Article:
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Guide to Powwow Country: The Hamlet of Arviat, Nunavut


Windspeaker Staff







The Hamlet of Arviat, Nunavut

Visit the Hamlet of Arviat and be prepared to be captivated by strong  traditional culture and beautiful landscape. The hamlet recently received $105,100 from the Canadian Northern Economic Development Agency to grow its tourism and the results have been impressive. The Margaret Aniksak Visitor’s Centre has interpretive exhibits of the local culture and the Roman Catholic mission church. The Mikilaaq Centre houses collections of current and archival photos, some for purchase. There are also archival photos to view in the Government of Nunavut Pana building and at the Donald Suluk Library. Kiluk, on the main road to the airport, is the place to buy some of Nunavut’s art and crafts. Or take a boat trip out to the island of Arvia’juaq, which represents important historical summer camping areas of the Paalirmiut Inuit, who now live in the Arviat. Arvia’juaq is “an island shaped like a big bowhead whale.” For many generations, Inuit families returned to camp and harvest its abundant marine resources including beluga whales, seals, walrus and fish. Good inland hunting ground and crucial water sources are also nearby. Immediately opposite Arvia’juaq on the mainland and†Qikiqtaarjuk†can be reached by trail from Arviat. Hundreds of archaeological features are located at the historic site, some dating back to the Thule period. Typical features include tent rinfs, kayak stands, mean caches, hunting blinds, children’s play areas, and graves. Other more unique features found at the national historic site include the competing cousin stones, a shaman’s healing cairn and offering places.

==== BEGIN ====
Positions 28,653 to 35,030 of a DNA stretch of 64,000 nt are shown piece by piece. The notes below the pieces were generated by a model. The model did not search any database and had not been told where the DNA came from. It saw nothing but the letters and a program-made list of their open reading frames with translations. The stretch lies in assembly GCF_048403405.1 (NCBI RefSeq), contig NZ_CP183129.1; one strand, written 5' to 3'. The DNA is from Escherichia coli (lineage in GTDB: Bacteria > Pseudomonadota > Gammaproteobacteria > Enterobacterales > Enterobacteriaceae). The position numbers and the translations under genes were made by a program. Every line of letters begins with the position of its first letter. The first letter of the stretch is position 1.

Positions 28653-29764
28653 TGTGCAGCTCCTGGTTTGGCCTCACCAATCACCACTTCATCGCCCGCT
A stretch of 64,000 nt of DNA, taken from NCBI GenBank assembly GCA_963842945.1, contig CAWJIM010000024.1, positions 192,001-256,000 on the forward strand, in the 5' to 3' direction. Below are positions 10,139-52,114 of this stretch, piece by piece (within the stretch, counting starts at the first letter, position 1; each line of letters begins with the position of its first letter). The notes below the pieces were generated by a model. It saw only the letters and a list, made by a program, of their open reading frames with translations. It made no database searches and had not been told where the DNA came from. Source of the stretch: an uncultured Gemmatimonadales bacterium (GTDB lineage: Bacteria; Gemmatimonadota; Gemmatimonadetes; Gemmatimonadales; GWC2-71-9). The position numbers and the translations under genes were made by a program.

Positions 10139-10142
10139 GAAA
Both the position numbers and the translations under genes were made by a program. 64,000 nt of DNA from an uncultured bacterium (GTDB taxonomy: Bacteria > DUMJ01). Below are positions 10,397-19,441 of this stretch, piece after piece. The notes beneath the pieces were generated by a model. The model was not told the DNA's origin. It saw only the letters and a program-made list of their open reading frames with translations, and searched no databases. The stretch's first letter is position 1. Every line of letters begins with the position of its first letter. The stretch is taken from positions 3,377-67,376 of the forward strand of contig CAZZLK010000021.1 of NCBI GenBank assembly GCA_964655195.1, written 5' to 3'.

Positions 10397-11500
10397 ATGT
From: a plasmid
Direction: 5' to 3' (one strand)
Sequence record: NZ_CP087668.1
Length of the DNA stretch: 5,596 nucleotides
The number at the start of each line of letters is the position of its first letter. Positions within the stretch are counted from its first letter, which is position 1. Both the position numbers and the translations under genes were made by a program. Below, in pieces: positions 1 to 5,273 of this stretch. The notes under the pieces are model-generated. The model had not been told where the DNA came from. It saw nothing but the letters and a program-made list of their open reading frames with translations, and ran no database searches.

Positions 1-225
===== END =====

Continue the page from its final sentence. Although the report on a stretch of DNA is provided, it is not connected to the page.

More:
For more information check out  www.visitarviat.ca/